Chris Paine's 2006 documentary film, Who Killed the Electric Car, was a rallying cry for fans of electric vehicles who'd felt betrayed by government and industry. Does his sequel, Revenge of the Electric Car grab the mantle and run? We got an early look to see for ourselves.
Note: The filmakers provided us an exclusive look at an intro for the movie that was never used — and we've included it above.
Whether one's view of the electric car suggests a sword-wielding redeemer of humanity's misguided desire for personal transport, or something a bit less swashbuckling, one thing's irrefutable. Electric cars have now generated enough dramatic tension to propel not just one, but two documentaries from award-winning director Chris Paine.
The first of these, Who Killed the Electric Car, chronicles automakers' declining interest in marketing electric-only vehicles to the public, from a peak in the early 1990s to 2005, when General Motors destroyed a stock of EV1 electric cars it had repossessed from lease-holding customers. That event opened a new, closer-to-home front for an environmental movement energized by Al Gore's An Inconvenient Truth, while serving up a juicy, anti-progress bête noire to conspiracy theorists, who saw shades of Tucker in the shadow of GM's car crusher.
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But although "Who Killed" did a good job of unpacking the byzantine tie-ups between government and the auto industry, laying bare the unintended consequences they've produced, the film succeeded largely as an advocacy piece. And a skewed one at that.
The strength of Paine's sequel, Revenge of the Electric Car, however, is in its storytelling. The film's multithreaded, character-driven narrative follows electric-car developments during the surprisingly fertile post-EV1 period — as Tesla released its roadster, GM introduced the Chevrolet Volt and Nissan launched the Nissan Leaf.
And "Revenge" is marginally about those cars. But with new access to all three companies' facilities and personnel, despite — or perhaps because of — his having earlier savaged the industry, Paine (along with producer Jessie Deeter and and co-writer P.G. Morgan) was able to humanize corporate entities he once portrayed as monolithic, making a complex business story more gripping for its intimacy.
While "Revenge" doesn't let go of the basic assumption introduced in "Who Killed" (i.e., gasoline-powered cars are toxic and must be replaced), it does loosen its grip, offering a less strident, more sympathetic vision of former antagonist GM, which has returned to the scene of the crime with the not-quite-all-electric Volt.
But the film isn't merely a GM follow-up, although the company's former vice chairman, Bob Lutz does slip easily into a leading role as the charming "car guy," a longtime internal combustion impresario who's staked his legacy on an unlikely new semi-electric vehicle. Lutz's cigar-chomping, self-effacing likability immediately diffuses any carry-over animosity from the first film, giving even radicalized viewers cover to accept other sides of the electric-car story.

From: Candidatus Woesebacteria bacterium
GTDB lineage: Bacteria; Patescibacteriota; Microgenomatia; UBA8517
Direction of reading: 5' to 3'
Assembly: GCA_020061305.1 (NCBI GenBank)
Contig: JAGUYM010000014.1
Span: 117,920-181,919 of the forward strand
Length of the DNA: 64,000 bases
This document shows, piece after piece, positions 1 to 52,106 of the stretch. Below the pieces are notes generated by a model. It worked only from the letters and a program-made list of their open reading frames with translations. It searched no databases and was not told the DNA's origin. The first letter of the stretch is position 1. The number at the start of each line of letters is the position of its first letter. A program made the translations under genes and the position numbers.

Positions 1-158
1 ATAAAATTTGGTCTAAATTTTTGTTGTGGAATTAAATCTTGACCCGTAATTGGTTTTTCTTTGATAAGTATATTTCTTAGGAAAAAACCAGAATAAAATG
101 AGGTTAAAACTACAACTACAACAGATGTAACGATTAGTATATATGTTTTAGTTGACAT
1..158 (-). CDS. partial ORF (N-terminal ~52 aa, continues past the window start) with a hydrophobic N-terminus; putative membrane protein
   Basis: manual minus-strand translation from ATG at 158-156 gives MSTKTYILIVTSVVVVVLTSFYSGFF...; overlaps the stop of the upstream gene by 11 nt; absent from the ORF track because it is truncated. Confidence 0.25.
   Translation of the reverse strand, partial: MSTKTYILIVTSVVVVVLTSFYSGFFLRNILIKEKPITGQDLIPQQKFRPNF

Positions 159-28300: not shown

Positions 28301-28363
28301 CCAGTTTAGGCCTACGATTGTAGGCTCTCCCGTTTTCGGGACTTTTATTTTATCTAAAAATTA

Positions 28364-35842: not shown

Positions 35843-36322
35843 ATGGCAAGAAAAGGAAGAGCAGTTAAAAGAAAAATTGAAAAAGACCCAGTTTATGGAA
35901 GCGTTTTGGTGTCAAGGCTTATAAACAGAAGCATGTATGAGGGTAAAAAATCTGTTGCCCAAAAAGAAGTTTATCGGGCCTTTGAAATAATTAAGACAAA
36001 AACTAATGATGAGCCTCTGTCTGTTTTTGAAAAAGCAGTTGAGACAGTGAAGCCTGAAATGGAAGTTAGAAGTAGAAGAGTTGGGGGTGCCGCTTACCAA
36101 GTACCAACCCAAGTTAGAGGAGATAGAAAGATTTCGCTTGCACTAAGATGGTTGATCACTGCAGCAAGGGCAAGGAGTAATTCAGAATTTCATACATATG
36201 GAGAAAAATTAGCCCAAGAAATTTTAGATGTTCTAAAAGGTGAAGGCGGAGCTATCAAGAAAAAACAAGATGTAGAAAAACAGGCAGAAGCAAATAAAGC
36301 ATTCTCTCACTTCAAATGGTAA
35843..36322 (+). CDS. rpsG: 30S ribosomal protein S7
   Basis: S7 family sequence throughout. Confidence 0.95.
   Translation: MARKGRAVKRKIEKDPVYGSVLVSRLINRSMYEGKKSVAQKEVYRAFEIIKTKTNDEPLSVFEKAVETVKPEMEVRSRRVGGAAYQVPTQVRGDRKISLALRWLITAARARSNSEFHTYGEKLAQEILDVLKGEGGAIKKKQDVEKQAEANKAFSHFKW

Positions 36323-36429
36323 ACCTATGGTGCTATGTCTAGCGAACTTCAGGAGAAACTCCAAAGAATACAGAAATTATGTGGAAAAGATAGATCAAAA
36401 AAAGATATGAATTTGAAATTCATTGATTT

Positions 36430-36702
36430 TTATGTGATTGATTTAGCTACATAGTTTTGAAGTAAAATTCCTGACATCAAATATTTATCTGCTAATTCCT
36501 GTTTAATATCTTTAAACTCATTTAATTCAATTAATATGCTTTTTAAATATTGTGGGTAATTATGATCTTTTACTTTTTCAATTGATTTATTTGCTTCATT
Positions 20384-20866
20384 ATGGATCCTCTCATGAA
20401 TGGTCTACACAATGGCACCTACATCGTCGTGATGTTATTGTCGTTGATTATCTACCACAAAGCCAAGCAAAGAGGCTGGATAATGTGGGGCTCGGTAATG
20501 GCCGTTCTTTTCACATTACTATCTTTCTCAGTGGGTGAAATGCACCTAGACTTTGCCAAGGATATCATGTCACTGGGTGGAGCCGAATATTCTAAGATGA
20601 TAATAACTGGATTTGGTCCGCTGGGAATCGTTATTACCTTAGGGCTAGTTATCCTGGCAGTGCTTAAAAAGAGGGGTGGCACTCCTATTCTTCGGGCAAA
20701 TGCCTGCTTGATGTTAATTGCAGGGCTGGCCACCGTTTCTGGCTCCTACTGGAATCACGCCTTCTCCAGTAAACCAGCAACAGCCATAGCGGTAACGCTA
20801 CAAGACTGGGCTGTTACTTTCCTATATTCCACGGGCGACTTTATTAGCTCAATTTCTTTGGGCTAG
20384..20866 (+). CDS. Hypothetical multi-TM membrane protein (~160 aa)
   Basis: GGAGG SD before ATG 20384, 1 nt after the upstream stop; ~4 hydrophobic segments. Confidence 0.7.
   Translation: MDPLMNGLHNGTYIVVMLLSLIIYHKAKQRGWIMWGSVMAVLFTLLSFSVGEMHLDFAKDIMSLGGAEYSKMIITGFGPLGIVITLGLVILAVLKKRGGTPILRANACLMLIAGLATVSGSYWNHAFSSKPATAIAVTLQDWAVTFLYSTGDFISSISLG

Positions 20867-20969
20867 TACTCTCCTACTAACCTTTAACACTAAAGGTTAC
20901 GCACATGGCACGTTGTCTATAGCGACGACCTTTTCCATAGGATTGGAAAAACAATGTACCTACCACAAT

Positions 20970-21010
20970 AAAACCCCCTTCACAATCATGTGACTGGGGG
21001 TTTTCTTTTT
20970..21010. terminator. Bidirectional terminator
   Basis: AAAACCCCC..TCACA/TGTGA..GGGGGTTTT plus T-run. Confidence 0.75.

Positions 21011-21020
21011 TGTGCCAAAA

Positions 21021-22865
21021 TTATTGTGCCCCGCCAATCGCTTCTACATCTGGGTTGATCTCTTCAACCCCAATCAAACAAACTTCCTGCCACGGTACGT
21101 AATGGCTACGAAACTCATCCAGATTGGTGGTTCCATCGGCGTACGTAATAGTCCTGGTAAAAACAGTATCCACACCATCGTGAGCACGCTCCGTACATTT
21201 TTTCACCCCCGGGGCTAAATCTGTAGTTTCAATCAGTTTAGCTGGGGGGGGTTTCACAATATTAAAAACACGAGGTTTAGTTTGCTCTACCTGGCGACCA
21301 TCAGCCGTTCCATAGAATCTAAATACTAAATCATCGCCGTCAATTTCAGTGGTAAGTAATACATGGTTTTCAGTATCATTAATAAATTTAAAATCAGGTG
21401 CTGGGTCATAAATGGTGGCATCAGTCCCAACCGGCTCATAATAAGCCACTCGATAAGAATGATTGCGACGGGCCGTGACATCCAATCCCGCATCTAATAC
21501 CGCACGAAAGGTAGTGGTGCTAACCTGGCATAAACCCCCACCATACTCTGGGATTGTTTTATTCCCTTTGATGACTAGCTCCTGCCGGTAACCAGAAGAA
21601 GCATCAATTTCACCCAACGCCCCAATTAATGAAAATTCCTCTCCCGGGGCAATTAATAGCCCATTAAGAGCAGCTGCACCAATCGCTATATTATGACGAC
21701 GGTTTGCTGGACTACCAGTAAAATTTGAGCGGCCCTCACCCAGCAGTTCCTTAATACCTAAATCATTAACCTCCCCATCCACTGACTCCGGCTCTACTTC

Paine also follows the well-documented trials and triumphs of Silicon Valley veteran and Tesla Motors CEO, Elon Musk, who arrives on screen with typical tech-world bluster, and Nissan's hard-driving "Emperor" and CEO Carlos Ghosn, who's bet billions in company treasure on the all-electric Leaf. Los Angeles-based electric-car conversion expert Greg "Gadget" Abbott, whose personal dramas provide some of the film's most poignant moments, represents the passionate but lesser-known DIYers.
Just as in the first film, Paine employs interviews to drive the narrative, with celebrities again sitting in as the recognizable public faces of the electric-car movement. Actor Tim Robbins fills the role of narrator, Wall Street Journal writer Dan Neil reprises his role as the car guy's conscience, and Jalopnik editor-in-chief Ray Wert and former Valleywag editor Owen Thomas function as an abbreviated Greek chorus of journalists, filling in details from their time covering the electric-car beat.
As "Revenge" rolls on, through the financial calamity of the late 2000s, the characters' personal lives take on greater narrative significance. Seldom do their lives overlap, though a tender moment of awkward bonding between Musk and Lutz occurs at the Detroit Auto Show, where both companies are showing their new electric wares at the height of the "Carpocalypse." The stakes are staggeringly high for both of them — one's bet his personal fortune, the other his corporate legacy. Through their eyes, we get the idea that building electric cars isn't merely an issue of political or social significance, it's a brutally risky endeavor requiring superhuman devotion. Failure could mean the end of them all.
While the first film built its advocacy case after the fact, that GM's EV1 fell to a perfect storm of misguided consumers, government regulators beholden to industrial interests and those industrial interests themselves, that issue soon became moot. "Revenge" picks up a story that would prove far more dramatic as events unfolded, to the ultimate benefit of its narrative.
Still, without a stronger rallying moment, I'm afraid "Revenge" may go unseen by many of the first film's ardent supporters — whether electric car enthusiasts or just liberal Manhattanites who would prefer their coworking spaces green — after all, the battle's won isn't it? And that would be a shame, because "Revenge" is the better film.
"Revenge" hits theaters in Los Angeles and New York City this Friday, and in other select markets over the next few weeks. See where here.